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April 27, 2021

Last week, the Bank of Canada announced it was lowering its purchases of federal government debt from at least $4 billion a week to $3 billion a week. The Bank presented this change as a response to positive economic news that, it noted, could also lead to an increase in its target for the overnight rate of interest in the second half of 2022, earlier than it had previously discussed. But with the Bank projecting economic growth of 6.5 per cent for 2021 and inflation above target at the end of the projection period, the question has to be asked: why is the Bank still buying any of the government’s debt?

When it started buying bonds as part of its quantitative easing (QE) program last year, the Bank was concerned about financial stability. Markets had seized up and it came in as lender of last resort. In that role, it bought massive amounts of assets, including federal government debt, provincial debt, and private securities. But with markets orderly again, the Bank has suspended its buying programs for everything other than federal government debt. The focus of QE, with the overnight rate still at its effective minimum of 0.25 per cent, is now squarely aimed at hitting the inflation target.

The way QE works is that the Bank buys Government of Canada debt held by the big financial institutions that participate in the payments system and pays for it with credits to the settlement balances – in effect, the bank accounts – these institutions hold at the Bank of Canada. On the Bank of Canada’s balance sheet, Government of Canada debt is an asset, while settlement balances are liabilities. On their side, payments system members exchange one quality asset (Government of Canada debt) on their balance sheets for another quality asset (settlement balances at the Bank of Canada).

It is entirely normal for the Bank to hold government debt as an asset and have settlement balances as a liability. What is new with QE is the amounts involved. In the week of March 11, 2020, before this all happened, settlement balances on the Bank’s balance sheet amounted to $250 million (with an “m”). Fast-forward to the week of April 14, 2021, and the same balance sheet entry was $312 billion (with a “b”).

This balance-sheet expansion is unprecedented in Canada. The Bank of Canada did not use QE in the 2008-09 financial crisis. The U.S. Federal Reserve Board did – though without sparking inflation, as many had feared it would. The reason it did not was that U.S. banks that sold government debt to the Fed choose not to use the resulting increases in their balances with the Fed to increase their lending. If they had, that would have triggered expansion of private-sector credit and money – which in fact the Fed probably would have liked to see happen, as the crisis had hammered both consumer and investment demand. But, as it turned out, simply exchanging high-quality debt for dollar reserves did not alter bank decision-making regarding lending. So the Fed’s QE did not, on its own, increase ordinary banks’ desire to lend.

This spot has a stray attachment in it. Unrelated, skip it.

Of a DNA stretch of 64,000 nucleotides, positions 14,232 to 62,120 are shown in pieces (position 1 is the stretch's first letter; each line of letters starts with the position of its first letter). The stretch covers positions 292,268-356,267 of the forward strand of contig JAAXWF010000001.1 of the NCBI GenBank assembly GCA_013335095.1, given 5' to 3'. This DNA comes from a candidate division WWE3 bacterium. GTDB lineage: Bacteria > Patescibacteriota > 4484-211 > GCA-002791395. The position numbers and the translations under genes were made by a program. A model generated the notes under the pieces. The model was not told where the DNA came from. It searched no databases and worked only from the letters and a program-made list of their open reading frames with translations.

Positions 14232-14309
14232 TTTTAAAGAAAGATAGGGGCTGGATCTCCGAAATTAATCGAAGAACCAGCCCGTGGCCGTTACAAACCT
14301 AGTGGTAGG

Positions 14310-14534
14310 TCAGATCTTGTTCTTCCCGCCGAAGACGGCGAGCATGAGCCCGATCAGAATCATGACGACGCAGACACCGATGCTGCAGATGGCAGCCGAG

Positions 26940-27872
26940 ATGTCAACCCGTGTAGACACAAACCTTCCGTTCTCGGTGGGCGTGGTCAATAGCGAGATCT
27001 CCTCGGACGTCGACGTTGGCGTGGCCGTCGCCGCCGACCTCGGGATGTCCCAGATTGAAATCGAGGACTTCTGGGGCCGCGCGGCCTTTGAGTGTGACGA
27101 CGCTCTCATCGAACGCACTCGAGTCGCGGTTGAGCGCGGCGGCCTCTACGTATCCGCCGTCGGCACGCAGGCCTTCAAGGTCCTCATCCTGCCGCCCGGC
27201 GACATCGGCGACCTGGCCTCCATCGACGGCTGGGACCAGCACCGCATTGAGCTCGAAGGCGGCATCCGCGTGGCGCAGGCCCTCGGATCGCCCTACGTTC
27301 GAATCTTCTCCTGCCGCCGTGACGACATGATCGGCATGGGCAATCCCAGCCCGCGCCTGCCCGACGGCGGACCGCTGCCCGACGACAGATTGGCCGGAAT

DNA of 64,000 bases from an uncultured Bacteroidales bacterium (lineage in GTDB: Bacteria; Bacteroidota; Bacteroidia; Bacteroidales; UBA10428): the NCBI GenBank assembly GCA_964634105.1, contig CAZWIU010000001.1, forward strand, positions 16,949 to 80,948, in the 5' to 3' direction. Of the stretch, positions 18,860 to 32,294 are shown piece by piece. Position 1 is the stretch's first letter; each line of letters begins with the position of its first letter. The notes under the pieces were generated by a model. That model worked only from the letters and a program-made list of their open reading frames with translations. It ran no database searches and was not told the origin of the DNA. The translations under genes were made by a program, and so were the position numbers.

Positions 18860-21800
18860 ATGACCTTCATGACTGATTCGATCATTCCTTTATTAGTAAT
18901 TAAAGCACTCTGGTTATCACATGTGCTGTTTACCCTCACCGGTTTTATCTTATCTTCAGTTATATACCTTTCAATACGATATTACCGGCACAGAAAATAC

That’s the supply side of the credit market. What about the demand side? Borrowers typically want to borrow more when loans are cheaper. And that’s where QE comes in. When the Bank of Canada buys Government of Canada debt, yields fall: when there are more bidders for its debt the government can get away with paying less interest on each loan. That downward pressure on the interest rate the government pays makes its way through to other lending rates, and that general reduction in rates causes an increase in loan demand. So QE is much more about increasing the demand for loans through lowering yields than it is about the expansion of a central bank’s balance sheet.

Since the Bank plans to buy $3 billion a week of Government of Canada debt, it must feel that keeping yields low is still necessary to stimulate borrowing so it can sustainably achieve its two per cent inflation target in the medium run.

But is it really necessary? Unlike in 2008-09, Canadians’ savings have burgeoned. Bank deposits are way up. Money is already available to spend. Further juicing of credit demand seems unnecessary.

In its decision last week, the Bank presumably did not want to shock financial markets by cutting its purchases of government bonds more than they were expecting, and the cut to $3 billion seemed to be the consensus forecast. Looking ahead, however, further reductions – and, before long, a cessation of the program entirely – will be in order. For the Bank to ensure two per cent inflation, the cut from $4 billion to $3 billion is just the beginning.

Published in the Financial Post

Steve Ambler, a professor of economics at the Université du Québec à Montréal, is the David Dodge Chair in Monetary Policy at the C.D. Howe Institute, where Jeremy Kronick is associate director, research, and William B. P. Robson is CEO.